Oh, man—what to write about after this amazing week? I’ve got to choose carefully, as I have vowed that I will not become one of those pastors whose every sermon illustration, article, topic of conversation, etc. is drawn from the cute / impressive / heartwarming exploits of his adorable little kid. I mean, really, I’ve heard that kind of preaching and I can’t imagine a bigger bore. Whatever precocious phrase popped out of his mouth, however she misheard that Bible verse, whatever the contents of that diaper—it’s not going to make anyone a better disciple. It’s just going to be so sickly sweet, it makes us all ill. Besides, no one ever asked Calvin if he wanted his life broadcast from a pulpit.
I have no problem, however, sharing my own Calvin-related experiences. After all, he’s a huge part of my life now. Which brings me back to the question at hand: on which of the million things bouncing around in my pen shall I actually expound? I could gush about the feeling of holding my baby for the first time and how it’s a glimpse of how God sees us, but nah. . .too clichéd. Plus, I don’t want to trivialize that amazing experience by turning it into some pithy truth statement or moral application. I could use this space to try and tactfully remind people that we don’t want 1,100 germ-filled fingers poking and grasping at our vulnerable little infant each Sunday... at least not until his immune system has had a few weeks to get going (i.e. look with your eyes, not your hands.) But there’s no need for that—Judson people are sharp enough to figure that one out. Or there’s always the conversation we had with Dave and Valerie, in which we theorized that the horrid stuff coming out the bottom of the sweet little baby may be an overflow of original sin. Er... let’s not go there.
I guess I’ll go the route of observing how everyone else reacts to a new baby, or even the prospect of same. It’s one of those events that make everyone feel as if they have to say something about it. Every time they see the couple in question, they’re somehow obligated to comment on the obvious. Friends, family, strangers—everyone. It’s kind of like with newlyweds. For some reason, everyone feels the need to ask, “How’s married life treating you?” for a few weeks after the wedding. Someone asked me that in 2002 and I was like, “It’s been a couple years.” And he said, “Yeah, but you guys aren’t expecting a kid yet, so what else am I supposed to talk about?” It’s the same thing when you have a sunburn and everyone feels the need to say, “Got a little sun, eh?” You want to respond, No, I’ve set about dying my skin a deep fuchsia. You like it? Just two more treatments to go!
And then there are the pregnant woman comments. “Still haven’t had the baby yet, huh?” If it were me, I’d have a hard time not responding, “Oh, no, I had him. He’s just hidden away somewhere and I swallowed a watermelon.” There’s also the obvious advice and predictions. “You’re going to be up late feeding him.”“He’s going to cry in the wee hours of the morning and you won’t get much sleep.”“There are a lot of diapers in your future!” Really?? Babies cry? They eat? They poop? If only one of the initiated had warned me about that beforehand, we could have avoided the whole thing!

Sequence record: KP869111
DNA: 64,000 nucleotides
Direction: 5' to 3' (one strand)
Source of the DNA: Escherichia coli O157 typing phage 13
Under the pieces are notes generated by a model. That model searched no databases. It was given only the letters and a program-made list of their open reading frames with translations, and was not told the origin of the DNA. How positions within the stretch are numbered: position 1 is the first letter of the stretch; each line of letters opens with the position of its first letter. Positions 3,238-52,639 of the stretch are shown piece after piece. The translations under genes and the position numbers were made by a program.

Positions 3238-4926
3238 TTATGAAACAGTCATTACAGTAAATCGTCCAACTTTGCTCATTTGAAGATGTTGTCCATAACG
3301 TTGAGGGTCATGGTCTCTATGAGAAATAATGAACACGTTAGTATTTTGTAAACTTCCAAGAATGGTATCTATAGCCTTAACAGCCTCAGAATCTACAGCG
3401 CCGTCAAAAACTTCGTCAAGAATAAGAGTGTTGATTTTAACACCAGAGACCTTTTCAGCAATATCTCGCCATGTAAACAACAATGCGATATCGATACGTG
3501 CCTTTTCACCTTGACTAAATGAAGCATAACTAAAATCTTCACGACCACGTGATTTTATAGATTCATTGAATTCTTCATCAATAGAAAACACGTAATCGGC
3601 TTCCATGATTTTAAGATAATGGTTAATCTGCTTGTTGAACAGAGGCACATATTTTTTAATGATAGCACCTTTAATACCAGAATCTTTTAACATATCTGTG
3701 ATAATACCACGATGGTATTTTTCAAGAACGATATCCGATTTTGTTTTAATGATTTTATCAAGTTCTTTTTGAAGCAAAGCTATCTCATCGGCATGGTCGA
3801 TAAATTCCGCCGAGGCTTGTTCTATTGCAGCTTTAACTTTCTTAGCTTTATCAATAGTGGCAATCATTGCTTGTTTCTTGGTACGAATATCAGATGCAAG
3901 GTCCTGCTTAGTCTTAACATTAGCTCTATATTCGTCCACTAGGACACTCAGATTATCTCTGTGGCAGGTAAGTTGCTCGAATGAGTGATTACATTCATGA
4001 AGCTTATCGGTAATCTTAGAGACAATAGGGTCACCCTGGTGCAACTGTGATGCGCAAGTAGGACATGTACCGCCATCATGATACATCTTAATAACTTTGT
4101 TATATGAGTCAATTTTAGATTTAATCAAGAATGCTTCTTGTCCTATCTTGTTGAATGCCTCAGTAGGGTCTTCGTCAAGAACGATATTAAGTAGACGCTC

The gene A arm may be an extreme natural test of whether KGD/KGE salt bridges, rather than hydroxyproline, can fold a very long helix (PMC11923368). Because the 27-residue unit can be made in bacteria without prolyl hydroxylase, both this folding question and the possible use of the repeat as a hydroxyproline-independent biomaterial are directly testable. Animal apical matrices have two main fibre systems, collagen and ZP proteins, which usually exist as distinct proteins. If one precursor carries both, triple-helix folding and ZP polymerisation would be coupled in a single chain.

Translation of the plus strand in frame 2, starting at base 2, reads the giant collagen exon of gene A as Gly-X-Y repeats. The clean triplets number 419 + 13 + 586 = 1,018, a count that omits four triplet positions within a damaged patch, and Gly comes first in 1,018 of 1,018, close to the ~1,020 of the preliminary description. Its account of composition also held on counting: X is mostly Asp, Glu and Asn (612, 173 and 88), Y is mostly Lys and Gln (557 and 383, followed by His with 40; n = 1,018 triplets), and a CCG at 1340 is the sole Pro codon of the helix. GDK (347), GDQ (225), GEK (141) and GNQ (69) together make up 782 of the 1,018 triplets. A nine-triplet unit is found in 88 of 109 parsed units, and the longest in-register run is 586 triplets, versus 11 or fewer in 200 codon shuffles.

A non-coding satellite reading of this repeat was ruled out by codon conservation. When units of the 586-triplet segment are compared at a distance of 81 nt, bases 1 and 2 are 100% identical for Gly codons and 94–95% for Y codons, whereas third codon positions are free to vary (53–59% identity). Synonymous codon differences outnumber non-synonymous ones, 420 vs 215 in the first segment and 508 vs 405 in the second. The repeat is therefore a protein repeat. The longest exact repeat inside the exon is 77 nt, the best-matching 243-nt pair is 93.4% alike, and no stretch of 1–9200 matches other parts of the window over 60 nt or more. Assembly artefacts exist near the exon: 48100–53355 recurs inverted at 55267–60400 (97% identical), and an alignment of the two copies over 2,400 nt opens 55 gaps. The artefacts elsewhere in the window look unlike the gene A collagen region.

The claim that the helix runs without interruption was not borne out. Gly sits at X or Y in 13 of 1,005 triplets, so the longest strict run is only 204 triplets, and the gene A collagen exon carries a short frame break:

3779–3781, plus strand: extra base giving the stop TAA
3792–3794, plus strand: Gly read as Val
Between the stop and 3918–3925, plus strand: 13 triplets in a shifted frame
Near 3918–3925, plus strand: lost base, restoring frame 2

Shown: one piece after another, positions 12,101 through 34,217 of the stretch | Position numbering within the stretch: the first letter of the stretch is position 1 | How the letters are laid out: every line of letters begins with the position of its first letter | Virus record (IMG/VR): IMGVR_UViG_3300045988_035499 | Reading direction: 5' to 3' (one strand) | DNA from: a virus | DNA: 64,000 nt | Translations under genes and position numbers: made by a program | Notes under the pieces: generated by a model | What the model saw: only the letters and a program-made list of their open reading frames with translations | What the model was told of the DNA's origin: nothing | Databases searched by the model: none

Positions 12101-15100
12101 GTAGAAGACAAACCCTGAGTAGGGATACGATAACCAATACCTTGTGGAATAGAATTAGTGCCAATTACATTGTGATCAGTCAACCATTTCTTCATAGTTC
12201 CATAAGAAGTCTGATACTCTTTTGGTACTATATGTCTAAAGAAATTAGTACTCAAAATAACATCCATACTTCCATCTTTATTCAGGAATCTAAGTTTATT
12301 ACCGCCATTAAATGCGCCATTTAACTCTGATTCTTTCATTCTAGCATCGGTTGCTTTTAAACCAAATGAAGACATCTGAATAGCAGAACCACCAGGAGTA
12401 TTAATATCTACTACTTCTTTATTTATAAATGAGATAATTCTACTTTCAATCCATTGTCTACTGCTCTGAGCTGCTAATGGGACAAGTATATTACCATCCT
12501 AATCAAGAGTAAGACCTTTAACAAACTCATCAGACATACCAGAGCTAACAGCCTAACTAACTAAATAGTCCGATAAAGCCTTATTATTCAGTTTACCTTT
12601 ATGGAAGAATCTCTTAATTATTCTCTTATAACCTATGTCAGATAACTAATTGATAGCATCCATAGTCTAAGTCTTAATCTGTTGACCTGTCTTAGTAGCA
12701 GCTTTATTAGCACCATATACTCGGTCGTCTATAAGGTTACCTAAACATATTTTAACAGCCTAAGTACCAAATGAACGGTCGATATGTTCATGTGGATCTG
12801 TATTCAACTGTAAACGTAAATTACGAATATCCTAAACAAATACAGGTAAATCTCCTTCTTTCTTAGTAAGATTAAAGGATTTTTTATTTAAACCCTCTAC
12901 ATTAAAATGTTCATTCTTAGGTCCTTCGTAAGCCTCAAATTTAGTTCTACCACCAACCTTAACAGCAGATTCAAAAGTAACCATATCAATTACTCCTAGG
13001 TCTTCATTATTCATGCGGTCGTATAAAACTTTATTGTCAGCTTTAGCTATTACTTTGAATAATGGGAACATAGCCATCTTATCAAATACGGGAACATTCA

Okay, let me turn down the sarcasm a little. I realize that people are just excited and so they feel the need to say something, anything. But what I like is when the old guys just look me in the eye with a sparkle and say, “It’s a lot of work, but it’s awesome. You’ll love being a dad” or when someone says, “When you need someone to watch him so you guys can go out, give me a call.”
But why do we always feel the need to say the same old things ad nauseum? I catch myself doing it too. Someone is selling his house, so every time I see him, I ask, “Anyone interested in the house yet?” Part of it is that I really do care and want to know and part is that I’m not sure what else to say. There’s a guy at
So why is it that we’re so willing to re-hash the same tired conversation fragments again and again, but so loathe to bring up spiritual matters? I guess it’s good that we don’t usually hound our unbelieving friends (“So, when are you going to go to church with me? When are you going to get right with God? Huh? Huh?”), although I have had occasional success with such a tack. But where is that irresistible compulsion from deep within to ask our fellow believers, “How are things with your soul?” or “What are you struggling with this week?” or “What can I pray for?” instead of just asking, “Arm still broken, eh? When’s the cast come off again?” for the five hundredth time?
And those people who are outside of the Church and unaware of what Christ has done for them—why don’t we find ourselves automatically telling them, “I pray for you regularly” or, “Jesus loves you,” or asking them, “Have you ever considered the claims of Jesus Christ?” or even, “Do you have any spiritual beliefs? What are they?” I know, I know. We don’t want to annoy them, so we ask the easier questions like, “How’s married life treating you?” News flash: you’re annoying them anyway.
In the Bible, any time the Holy Spirit “comes upon” someone, the result is that person saying something. It’s true—check it out. When we don’t know what to say, we can either open our mouths and release whatever overused small talk and niceties are currently in the chamber, or we can ask the Holy Spirit who indwells us for guidance to say something that may have eternal value. Or we can emit an eardrum-piercing screech that takes the paint of the walls. That’s what Calvin often chooses to do.
They really do cry, don’t they?
Soil Deo Gloria,